Volume 3, Issue 30
Whether we realize it or not, we are always managing our Selves. I’m capitalizing the word “Self” (and variants) for emphasis — to draw attention to the concept of Self, which may be of greater significance than any other concept in any language. To meditate on the Self and to penetrate to a deep understanding of our own Self confers the highest level of consciousness, the greatest happiness, the Zone/Flow state, creativity and peak effectiveness.
Our skill at Self-management varies. Sometimes we are in the Zone, though mostly not. Sometimes we are in a living hell. Whichever way it is, we are always doing it to ourselves. As the ancient Greek Stoic philosophers and Buddhists knew, whatever happens to us is not what makes us unhappy, it is our attitude toward it that makes us unhappy, and the latter can be controlled. Managed. It is a skill, one that can be learned.
As one studies and trains oneself and grows up to become a mensch (“stand-up guy”, “grownup”), it becomes apparent that:
- The most important thing to the Self is to know one’s purpose in life, and this gives meaning to life. One’s purpose is closely tied to one’s true work, which one must love or it is not one’s true work, one’s calling. One will not experience much Flow state if one is working at something else. However, I knew a truck driver who experienced Flow by his enjoyment of the travel adventure and camaraderie of the job, so as always in life there are no hard and fast rules.
- Distraction is the main barrier to Self-realization. Distraction is exacerbated by the Acceleritis-ridden culture we live in, and by attachment to outcomes driven into our psyches by conditioning, fear, and other-directedness. In a distracted state, little things having no bearing on our purpose in life become a big dramatic deal and we cannot think clearly because we keep obsessing over this peripheral stuff. It brings us down, making us weak, dependent, and fearful. We project failure, which becomes a self-fulfilling prophecy. We attract to us all the things we are fearful of.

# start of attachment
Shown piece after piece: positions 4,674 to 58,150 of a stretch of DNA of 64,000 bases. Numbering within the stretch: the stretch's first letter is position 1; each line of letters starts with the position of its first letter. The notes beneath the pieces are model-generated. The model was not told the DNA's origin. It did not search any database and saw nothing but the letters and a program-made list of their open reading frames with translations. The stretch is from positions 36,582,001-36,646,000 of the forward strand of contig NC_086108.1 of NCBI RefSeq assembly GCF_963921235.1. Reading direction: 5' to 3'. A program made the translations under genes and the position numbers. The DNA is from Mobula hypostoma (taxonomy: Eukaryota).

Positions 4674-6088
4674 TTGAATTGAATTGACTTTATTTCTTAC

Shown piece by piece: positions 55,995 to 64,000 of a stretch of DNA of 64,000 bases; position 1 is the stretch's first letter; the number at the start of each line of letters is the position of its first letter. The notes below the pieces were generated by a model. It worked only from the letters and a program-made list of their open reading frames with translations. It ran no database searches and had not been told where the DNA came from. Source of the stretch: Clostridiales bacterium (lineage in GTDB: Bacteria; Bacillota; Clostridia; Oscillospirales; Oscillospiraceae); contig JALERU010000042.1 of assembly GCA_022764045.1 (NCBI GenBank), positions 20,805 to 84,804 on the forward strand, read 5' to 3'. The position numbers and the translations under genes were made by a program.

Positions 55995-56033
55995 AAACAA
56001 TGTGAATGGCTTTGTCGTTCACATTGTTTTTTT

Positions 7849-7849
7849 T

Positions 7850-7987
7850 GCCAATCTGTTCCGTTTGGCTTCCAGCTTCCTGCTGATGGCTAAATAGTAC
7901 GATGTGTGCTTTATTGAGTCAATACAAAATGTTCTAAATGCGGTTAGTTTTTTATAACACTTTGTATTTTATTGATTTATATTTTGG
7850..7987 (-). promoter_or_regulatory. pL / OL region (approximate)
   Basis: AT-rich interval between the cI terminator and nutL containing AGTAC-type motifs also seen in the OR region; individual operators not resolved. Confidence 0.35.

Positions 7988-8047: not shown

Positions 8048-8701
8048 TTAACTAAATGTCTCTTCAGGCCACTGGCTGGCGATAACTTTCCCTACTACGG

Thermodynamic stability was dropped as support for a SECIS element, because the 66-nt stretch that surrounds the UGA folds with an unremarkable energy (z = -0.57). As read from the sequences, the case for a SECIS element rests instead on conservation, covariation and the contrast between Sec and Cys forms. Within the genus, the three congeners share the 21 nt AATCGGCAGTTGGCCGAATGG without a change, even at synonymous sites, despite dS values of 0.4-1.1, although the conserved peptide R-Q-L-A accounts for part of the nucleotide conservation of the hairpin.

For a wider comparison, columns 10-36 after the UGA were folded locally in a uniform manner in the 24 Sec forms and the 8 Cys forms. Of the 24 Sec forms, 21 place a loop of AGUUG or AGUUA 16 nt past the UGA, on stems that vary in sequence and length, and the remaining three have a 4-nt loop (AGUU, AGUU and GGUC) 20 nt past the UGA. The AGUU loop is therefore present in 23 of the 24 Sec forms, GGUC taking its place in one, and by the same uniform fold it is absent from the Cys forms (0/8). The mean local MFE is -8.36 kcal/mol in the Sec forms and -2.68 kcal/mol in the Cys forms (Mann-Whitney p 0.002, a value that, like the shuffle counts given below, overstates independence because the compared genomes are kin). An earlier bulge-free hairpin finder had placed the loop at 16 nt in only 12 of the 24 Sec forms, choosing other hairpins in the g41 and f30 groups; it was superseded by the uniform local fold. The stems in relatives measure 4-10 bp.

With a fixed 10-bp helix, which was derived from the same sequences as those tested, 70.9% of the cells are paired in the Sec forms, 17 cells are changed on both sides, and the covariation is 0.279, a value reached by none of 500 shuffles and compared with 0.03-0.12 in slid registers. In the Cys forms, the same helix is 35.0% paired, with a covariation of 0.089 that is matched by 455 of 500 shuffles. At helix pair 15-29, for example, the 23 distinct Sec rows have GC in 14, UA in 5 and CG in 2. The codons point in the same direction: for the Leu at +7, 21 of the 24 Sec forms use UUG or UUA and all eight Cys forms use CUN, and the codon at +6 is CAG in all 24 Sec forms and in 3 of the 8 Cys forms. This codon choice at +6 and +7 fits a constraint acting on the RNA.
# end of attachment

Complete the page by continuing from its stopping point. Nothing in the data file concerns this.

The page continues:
In one of the methods described in our book Mind Magic, one does not “believe” anything, but instead takes an empirical approach to testing different strategies and carefully observing results to prove to oneself what works and what doesn’t. Lenses are used as trial strategies, that is, one temporarily adopts a lens or way of looking at things to see if this way gets one into the Zone more often, or not.
Here’s a lens for today: look at your life as if right now, today, it is your last day on Earth. This lens keeps you focused on what you are here to accomplish in this life — on meaning and purpose, and not on the little dramas that usually take all our attention.
In one’s last day on Earth, how you do things becomes the most important thing. Every little thing you do is done with quality. You are in the moment, present, with every person you interact with. You let out the hero inside. You exemplify grace under pressure, Hemingway’s and Churchill’s definition of courage. Churchill said that courage is the key virtue because all the others stem from it.
You find that the usual distracting dramas melt down in perspective to what they are, no big tzimmis.
By this lens one stays focused on the true priorities.
Best to all,
Follow my regular blog contribution at Jack Myers Media Network: In Terms of ROI. It is in the free section of the website at Bill Harvey at MediaBizBloggers.com.